The above-mentioned sample of wire 23 was 7.6 cm. long. It has been found that varying the length over the mentioned range will influence the hysteresis loop by changing the slope of the portions 28-30 and 33-25, shown in solid lines. As the wire is made shorter, the aforementioned slope will increase, while as the wire is made longer, the slope in question will decrease. Changing the aforesaid slope will alter the sharpness of a receiver output pulse. Generally, it is the sensitivity and selectivity of the surveillance system in which the marker is to operate that determines what pulse wave shapes can be tolerated, and, therefore, the wire length can be shortened subject to the constraints of the detection system. That is, wire 23 must be long enough to produce a pulse of sufficient amplitude that it can be detected by the detecting system.
The material of wire 23 may be used to produce a ribbon of amorphous metal such as is shown in FIG. 5. The ribbon designated 35 in FIG. 5, can be produced by any known method for rapidly quenching molten metal to avoid crystallization. Starting with a ribbon about 2 mm. wide and about 0.025 mm. thick and between 3.0 and 10.0 cm. long, it should be twisted up to four turns per ten centimeters and annealed while so twisted, the annealing being performed at about 380 degrees Centigrade for about twenty-five minutes, i.e., at a temperature less than the crystallization temperature. When cool, the ribbon should be untwisted and laminated in mechanically constrained manner within substrate and overlayer in a flat condition similar to that shown in FIG. 1. The flattened ribbon will have locked in stresses providing a helical easy axis of magnetization and giving rise to the subject discontinuities. In other words, the ribbon or strip should have stress induced magnetic discontinuity when restrained in flattened condition.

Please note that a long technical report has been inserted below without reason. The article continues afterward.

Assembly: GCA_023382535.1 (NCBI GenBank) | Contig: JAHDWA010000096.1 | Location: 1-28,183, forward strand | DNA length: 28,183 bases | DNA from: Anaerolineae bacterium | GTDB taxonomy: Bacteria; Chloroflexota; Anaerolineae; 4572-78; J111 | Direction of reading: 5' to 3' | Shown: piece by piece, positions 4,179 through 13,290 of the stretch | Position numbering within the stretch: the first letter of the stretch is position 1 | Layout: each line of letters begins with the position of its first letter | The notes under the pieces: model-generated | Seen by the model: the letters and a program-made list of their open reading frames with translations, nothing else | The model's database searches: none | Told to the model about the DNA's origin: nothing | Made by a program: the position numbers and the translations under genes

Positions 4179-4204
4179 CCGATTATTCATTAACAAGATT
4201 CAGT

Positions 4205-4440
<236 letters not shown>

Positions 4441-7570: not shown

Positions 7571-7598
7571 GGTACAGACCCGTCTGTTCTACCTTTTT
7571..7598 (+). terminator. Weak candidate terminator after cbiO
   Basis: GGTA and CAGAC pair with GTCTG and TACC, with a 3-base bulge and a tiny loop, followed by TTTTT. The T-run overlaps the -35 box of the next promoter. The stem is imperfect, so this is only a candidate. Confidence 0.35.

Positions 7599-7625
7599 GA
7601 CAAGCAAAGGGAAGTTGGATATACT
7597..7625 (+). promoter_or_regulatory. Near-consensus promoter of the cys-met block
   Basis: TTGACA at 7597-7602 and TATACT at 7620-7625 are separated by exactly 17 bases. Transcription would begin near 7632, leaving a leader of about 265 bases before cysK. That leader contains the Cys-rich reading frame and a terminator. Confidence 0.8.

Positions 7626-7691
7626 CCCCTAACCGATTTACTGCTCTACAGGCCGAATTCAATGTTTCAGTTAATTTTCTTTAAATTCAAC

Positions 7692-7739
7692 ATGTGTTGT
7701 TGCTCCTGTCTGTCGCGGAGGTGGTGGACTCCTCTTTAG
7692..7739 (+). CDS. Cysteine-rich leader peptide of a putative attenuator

The dependency of prior art markers on time rate of change of the incident field has led prior workers in the article surveillance field toward the use of higher and higher frequencies. However, because of the unique qualities of markers according with the invention, there is an advantage to be obtained from resorting to lower rather higher excitation frequencies. This follows from the fact that since the subject markers are relatively insensitive to the rate of change of the incident field, the subject markers respond well to very low frequency excitation. However, the low frequency, coupled with the same low field strengths as used heretofore, gives rise to smaller rather than larger rates of change of field, and this causes responses from Permalloy or other similar magnetic marker materials to become less rather more readily detectable. In this connection, it has been found that the wire marker described above with reference to FIG. 3 will produce a signal pulse of less than four hundred microseconds duration when excited by a 1.2 oersted field at twenty hertz. Consequently, the wire of the invention is easily detected while prior art markers are essentially invisible to the same interrogation field.